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Vacationing in the Cold War: Foreign Tourists to Socialist Romania and Franco's Spain, 1960s-1970s

Stefan, Oana Adelina (2016) Vacationing in the Cold War: Foreign Tourists to Socialist Romania and Franco's Spain, 1960s-1970s. Doctoral Dissertation, University of Pittsburgh. (Unpublished)

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Abstract

My dissertation examines the politics and effects of international tourism in socialist Romania and Francoist Spain in the postwar era. Despite the sharp economic and political differences between the two dictatorial regimes at the time of the Cold War, I argue that significant similarities existed in the way that they aimed to take advantage of international tourism in order to improve their image abroad and to acquire hard currencies, which were sorely needed as both states wanted to pursue a process of economic modernization. This dissertation also attempts to provide an explanation for why, by the end of the 1970s, the two countries achieved rather different results in terms of tourism development, despite the fact that both shared many features in the 1940s and 1950s. Most English-language scholarly literature examines relations between and transfers from western to eastern Europe, but pays little attention to the relationships between southern or eastern parts of the continent and the “West.” Moreover, most scholarly work silently integrates, often by implication, southern Europe into the amorphous “West.” This study takes a different approach. By comparing the rise and evolution of international tourism in two countries on different sides of the Iron Curtain, it reassesses the geopolitics of postwar Europe by showing the developmental similarities between eastern and southern Europe. It thereby suggests that the Cold War view of a bipolar Europe needs refining.
The bulk of my dissertation analyzes the two governments’ policies—and the discussions and debates leading up to those policies—regarding tourism, how and why the policies were implemented, as well as the anticipated and unanticipated results. To provide a more in-depth analysis of the ways in which tourists, their behaviors, and their preferences (be they in attire, morals, diet and the like) influenced policies, I compare the Romanian Black Sea coast and Spain’s Costa del Sol during the 1960s and 1970s. I focus in particular on the interactions between foreign tourists and locals, and how intended policies were applied and received.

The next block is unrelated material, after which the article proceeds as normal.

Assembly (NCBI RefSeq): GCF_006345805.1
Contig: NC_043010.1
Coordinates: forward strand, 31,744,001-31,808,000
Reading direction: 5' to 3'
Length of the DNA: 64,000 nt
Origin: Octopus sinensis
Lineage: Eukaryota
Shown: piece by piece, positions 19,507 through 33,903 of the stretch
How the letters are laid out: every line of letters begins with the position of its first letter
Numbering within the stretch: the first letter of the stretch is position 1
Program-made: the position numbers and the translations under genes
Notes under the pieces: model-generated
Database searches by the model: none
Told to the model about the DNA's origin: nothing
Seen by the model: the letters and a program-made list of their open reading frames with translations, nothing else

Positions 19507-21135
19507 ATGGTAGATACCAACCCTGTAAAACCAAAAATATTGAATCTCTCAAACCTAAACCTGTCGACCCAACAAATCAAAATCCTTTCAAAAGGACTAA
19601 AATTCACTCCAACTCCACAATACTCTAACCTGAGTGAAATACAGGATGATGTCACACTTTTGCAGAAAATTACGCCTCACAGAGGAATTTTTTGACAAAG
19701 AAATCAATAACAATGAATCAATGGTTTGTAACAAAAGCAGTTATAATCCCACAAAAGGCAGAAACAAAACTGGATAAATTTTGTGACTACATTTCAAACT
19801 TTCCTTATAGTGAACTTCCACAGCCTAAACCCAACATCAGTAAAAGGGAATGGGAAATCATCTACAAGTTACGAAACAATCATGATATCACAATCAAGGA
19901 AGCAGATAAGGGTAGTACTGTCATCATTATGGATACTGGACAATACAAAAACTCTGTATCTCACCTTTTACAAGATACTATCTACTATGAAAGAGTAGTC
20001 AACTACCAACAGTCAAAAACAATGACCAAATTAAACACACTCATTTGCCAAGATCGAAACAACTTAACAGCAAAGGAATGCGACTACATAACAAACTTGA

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Details

Item Type: University of Pittsburgh ETD
Status: Unpublished
Creators/Authors:
CreatorsEmailPitt UsernameORCID
Stefan, Oana Adelinaoas7@pitt.eduOAS7
ETD Committee:
TitleMemberEmail AddressPitt UsernameORCID
Committee ChairChase, Williamwchase@pitt.eduWCHASE
Committee MemberLinden, Ronaldlinden@pitt.eduLINDEN
Committee MemberRawski, Evelynesrx@pitt.eduESRX
Committee MemberHolstein, Diegoholstein@pitt.eduHOLSTEIN
Date: 3 October 2016
Date Type: Publication
Defense Date: 2 May 2016
Approval Date: 3 October 2016
Submission Date: 10 May 2016
Access Restriction: 5 year -- Restrict access to University of Pittsburgh for a period of 5 years.
Number of Pages: 315
Institution: University of Pittsburgh
Schools and Programs: Dietrich School of Arts and Sciences > History
Degree: PhD - Doctor of Philosophy
Thesis Type: Doctoral Dissertation
Refereed: Yes
Uncontrolled Keywords: Cold War, international tourism, socialist Romania, Franco's Spain, dictatorship, socialism, Francoism, everyday life, consumption
Date Deposited: 03 Oct 2016 19:19
Last Modified: 15 Nov 2016 14:33
URI: http://d-scholarship.pitt.edu/id/eprint/28005

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